Sukey and the American schooner Quero to deliver the news of Lexington and Concord to London. The sea is, in fact, one of the main characters in BUNKER HILL, for it was the 3,000-mile-wide Atlantic—and the more than three-month communication lag it created between Great Britain and the America colonies—that ultimately made it impossible for the two sides to resolve their differences.
Q: How did you go about your research for BUNKER HILL?
First, I wanted to establish, as best I could, a sense of what Boston was like during the revolutionary period—a difficult thing to do since the city has changed almost beyond recognition since the days when Boston was a hilly island of approximately one square mile with only a thin neck of land connecting it to the adjoining town of Roxbury. I purchased about half a dozen historic maps of Boston and Boston Harbor and blew them up to poster size and positioned them around my desk, and for the last three years I’ve been making notes on them with a pencil and pen. The archives are particularly rich when it comes to revolutionary Boston, and I have spent countless hours at historical societies in the city and beyond, including the Clements Library at the University of Michigan in Ann Arbor, which has the papers of General Thomas Gage and other important documents. In addition to diaries, letters, and newspapers, the visual record is quite good, and many portraits by John S. Copley and others, as well as sketches and paintings of Boston, are included in my book. I was also able to meet with the descendants of two key players in this drama. Lord Nicholas Gage spoke with me over a glass of sherry at his ancestral home of Firle in Sussex, England, and a few months later I had lunch with Paul Revere Jr. at a clam shack on Cape Cod.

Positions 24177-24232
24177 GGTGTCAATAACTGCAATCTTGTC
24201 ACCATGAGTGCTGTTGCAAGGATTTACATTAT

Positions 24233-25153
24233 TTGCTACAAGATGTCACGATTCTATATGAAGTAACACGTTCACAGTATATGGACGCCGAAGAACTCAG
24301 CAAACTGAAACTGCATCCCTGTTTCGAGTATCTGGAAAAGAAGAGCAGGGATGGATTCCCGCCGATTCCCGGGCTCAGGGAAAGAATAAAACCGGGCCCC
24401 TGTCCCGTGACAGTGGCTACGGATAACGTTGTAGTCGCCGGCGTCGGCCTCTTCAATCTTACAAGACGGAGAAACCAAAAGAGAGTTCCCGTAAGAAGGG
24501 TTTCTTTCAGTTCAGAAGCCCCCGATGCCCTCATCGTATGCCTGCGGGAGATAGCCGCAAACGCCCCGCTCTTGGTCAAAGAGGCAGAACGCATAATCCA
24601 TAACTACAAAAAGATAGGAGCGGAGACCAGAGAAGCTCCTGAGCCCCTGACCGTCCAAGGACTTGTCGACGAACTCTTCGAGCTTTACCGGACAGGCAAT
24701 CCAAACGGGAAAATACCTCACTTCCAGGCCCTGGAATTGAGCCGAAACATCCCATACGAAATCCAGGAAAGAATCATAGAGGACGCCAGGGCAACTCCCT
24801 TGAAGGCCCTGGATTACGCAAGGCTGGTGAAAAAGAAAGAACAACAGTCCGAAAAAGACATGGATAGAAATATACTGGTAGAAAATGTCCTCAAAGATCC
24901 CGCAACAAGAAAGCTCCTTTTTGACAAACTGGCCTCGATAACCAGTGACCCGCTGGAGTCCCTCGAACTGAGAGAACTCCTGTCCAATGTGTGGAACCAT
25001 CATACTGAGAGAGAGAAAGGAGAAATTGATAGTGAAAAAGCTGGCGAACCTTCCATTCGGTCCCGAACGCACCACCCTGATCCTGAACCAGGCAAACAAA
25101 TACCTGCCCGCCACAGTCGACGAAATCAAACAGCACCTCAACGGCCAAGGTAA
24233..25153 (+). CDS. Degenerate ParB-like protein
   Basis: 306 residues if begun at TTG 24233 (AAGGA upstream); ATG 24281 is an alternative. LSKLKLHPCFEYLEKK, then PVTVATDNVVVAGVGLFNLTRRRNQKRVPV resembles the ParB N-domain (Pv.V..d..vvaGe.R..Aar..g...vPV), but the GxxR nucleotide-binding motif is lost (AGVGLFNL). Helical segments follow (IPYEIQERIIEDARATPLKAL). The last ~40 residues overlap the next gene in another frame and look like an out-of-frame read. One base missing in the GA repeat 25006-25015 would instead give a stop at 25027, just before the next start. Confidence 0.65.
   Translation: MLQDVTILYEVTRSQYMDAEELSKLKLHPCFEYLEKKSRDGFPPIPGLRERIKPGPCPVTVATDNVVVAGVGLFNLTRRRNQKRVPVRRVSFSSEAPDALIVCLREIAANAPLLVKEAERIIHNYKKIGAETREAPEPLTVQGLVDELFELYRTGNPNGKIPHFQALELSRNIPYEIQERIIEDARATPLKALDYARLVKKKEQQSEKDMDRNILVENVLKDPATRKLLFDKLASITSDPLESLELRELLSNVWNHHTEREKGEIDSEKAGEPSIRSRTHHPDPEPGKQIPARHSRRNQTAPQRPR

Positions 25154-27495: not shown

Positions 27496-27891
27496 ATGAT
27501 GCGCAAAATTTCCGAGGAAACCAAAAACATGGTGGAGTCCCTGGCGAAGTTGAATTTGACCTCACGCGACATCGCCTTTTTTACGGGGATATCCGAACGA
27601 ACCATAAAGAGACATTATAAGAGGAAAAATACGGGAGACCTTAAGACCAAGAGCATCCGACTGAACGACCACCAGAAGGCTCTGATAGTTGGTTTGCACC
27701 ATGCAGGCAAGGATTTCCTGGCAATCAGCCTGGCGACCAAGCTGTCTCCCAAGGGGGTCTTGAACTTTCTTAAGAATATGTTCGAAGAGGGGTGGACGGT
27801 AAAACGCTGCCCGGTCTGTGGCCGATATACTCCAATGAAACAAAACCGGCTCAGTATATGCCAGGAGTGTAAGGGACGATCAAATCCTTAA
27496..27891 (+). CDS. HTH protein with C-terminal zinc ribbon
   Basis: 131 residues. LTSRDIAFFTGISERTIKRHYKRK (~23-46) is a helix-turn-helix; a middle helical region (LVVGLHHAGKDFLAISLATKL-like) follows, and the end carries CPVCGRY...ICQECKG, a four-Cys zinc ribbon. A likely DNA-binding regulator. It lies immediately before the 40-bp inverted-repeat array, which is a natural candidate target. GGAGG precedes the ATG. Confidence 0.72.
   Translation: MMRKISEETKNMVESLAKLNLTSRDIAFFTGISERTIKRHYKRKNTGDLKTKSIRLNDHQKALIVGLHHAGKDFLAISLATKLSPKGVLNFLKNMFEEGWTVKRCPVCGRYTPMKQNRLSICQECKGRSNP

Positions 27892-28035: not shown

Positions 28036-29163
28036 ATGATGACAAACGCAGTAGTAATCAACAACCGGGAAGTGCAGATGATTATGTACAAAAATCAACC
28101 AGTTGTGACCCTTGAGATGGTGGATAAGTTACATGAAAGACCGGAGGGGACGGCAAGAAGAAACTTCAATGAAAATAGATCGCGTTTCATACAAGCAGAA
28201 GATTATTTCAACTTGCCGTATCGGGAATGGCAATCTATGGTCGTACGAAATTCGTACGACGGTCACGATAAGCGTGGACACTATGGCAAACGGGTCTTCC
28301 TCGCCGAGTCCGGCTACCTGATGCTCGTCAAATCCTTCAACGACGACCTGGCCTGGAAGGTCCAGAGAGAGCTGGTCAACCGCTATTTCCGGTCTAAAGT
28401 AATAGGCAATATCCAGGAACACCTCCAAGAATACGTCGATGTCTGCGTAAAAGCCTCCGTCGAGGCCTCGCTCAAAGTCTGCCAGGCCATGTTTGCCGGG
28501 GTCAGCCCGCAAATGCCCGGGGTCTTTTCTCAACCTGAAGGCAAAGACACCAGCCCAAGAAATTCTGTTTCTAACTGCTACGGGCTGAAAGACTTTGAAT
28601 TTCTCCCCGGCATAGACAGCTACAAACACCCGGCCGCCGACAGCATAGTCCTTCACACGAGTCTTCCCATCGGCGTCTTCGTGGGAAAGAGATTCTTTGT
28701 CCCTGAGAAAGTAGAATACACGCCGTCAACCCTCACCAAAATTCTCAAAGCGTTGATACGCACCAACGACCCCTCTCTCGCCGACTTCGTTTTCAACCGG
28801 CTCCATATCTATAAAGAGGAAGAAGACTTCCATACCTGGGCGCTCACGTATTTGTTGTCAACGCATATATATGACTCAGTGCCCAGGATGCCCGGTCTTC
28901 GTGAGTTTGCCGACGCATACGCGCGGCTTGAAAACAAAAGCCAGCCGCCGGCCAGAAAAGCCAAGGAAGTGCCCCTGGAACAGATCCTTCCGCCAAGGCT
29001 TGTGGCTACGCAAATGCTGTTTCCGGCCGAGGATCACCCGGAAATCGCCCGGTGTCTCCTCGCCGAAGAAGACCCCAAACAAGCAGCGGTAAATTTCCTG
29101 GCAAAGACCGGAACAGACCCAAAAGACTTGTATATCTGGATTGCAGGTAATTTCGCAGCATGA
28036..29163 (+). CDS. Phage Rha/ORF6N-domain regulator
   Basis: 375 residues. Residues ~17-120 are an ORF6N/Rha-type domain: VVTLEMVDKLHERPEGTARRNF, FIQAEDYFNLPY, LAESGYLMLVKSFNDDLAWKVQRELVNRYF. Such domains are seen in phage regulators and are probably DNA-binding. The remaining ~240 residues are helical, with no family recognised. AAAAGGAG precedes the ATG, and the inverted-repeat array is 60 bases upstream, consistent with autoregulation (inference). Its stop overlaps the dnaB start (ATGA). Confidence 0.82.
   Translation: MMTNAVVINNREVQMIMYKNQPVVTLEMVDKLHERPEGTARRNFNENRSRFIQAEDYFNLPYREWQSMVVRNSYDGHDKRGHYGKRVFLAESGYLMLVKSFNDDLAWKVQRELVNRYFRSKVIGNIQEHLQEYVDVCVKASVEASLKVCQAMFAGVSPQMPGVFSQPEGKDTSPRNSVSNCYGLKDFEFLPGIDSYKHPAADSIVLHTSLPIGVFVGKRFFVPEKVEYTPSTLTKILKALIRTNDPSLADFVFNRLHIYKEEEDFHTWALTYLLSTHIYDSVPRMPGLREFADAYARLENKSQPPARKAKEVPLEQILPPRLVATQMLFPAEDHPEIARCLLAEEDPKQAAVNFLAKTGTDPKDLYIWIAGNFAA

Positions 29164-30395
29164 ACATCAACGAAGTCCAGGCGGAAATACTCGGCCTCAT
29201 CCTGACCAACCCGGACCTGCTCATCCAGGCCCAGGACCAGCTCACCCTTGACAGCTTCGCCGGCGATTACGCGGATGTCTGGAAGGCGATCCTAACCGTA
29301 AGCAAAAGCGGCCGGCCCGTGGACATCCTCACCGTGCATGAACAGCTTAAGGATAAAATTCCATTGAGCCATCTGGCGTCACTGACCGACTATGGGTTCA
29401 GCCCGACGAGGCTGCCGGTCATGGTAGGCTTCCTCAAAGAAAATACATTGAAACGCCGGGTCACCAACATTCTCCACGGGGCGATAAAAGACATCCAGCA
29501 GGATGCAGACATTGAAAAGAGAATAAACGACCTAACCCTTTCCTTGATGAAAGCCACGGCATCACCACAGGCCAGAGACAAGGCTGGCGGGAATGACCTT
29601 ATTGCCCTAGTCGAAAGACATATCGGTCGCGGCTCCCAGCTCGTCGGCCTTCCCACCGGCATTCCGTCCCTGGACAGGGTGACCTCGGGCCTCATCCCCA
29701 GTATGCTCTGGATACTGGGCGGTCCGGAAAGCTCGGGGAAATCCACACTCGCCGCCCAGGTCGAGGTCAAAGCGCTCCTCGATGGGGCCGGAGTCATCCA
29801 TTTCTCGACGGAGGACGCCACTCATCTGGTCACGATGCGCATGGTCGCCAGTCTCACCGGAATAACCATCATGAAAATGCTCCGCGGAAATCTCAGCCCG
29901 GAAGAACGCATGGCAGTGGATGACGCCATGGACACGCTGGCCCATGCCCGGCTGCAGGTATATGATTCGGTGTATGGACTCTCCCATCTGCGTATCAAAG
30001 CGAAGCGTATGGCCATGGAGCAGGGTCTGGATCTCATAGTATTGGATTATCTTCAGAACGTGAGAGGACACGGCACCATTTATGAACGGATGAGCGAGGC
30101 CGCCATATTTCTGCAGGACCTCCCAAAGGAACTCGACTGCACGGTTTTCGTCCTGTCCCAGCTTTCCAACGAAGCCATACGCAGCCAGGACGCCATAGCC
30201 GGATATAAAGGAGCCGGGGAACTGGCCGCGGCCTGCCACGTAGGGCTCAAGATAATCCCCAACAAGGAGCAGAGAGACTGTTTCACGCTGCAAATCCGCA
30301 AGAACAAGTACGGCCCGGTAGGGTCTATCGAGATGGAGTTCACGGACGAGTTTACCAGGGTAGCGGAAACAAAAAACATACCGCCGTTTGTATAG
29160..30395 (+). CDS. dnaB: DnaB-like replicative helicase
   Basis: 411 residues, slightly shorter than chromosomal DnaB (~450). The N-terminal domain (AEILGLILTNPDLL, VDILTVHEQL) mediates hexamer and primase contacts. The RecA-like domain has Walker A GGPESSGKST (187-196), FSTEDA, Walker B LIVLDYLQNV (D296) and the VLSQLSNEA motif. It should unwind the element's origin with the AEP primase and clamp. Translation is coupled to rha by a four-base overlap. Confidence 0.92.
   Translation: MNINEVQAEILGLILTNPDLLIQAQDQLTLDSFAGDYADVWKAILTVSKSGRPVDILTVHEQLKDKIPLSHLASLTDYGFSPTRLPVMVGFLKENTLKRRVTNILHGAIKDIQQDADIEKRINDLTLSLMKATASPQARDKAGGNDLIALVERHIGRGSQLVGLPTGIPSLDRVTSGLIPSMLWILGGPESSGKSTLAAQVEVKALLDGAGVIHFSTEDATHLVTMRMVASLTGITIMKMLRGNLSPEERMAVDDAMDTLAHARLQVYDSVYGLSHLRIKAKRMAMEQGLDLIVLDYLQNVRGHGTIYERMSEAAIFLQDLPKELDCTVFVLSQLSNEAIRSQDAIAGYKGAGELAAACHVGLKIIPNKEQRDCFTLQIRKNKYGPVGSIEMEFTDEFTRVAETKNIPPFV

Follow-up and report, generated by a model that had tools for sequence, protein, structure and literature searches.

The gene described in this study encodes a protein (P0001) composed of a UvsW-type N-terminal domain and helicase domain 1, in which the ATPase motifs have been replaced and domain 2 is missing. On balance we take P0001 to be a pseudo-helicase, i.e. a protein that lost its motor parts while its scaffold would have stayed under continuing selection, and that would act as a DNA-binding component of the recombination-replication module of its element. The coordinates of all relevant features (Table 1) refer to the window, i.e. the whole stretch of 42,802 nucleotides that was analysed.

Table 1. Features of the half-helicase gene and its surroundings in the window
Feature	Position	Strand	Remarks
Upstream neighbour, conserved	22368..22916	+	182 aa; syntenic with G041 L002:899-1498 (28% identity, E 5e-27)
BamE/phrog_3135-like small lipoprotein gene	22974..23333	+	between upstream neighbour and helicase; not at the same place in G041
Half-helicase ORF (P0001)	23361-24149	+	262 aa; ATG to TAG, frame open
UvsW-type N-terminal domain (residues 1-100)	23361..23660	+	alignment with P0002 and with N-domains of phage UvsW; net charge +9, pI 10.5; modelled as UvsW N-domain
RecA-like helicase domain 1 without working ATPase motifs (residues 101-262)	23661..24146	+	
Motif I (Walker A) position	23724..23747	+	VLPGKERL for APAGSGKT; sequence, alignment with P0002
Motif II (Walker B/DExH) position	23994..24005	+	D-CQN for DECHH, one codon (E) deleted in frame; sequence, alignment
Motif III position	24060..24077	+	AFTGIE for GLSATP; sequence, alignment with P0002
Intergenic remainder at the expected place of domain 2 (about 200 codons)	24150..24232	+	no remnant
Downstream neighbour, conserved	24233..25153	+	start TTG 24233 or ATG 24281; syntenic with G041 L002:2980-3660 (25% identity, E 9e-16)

Q: What did you discover in your research that surprised you?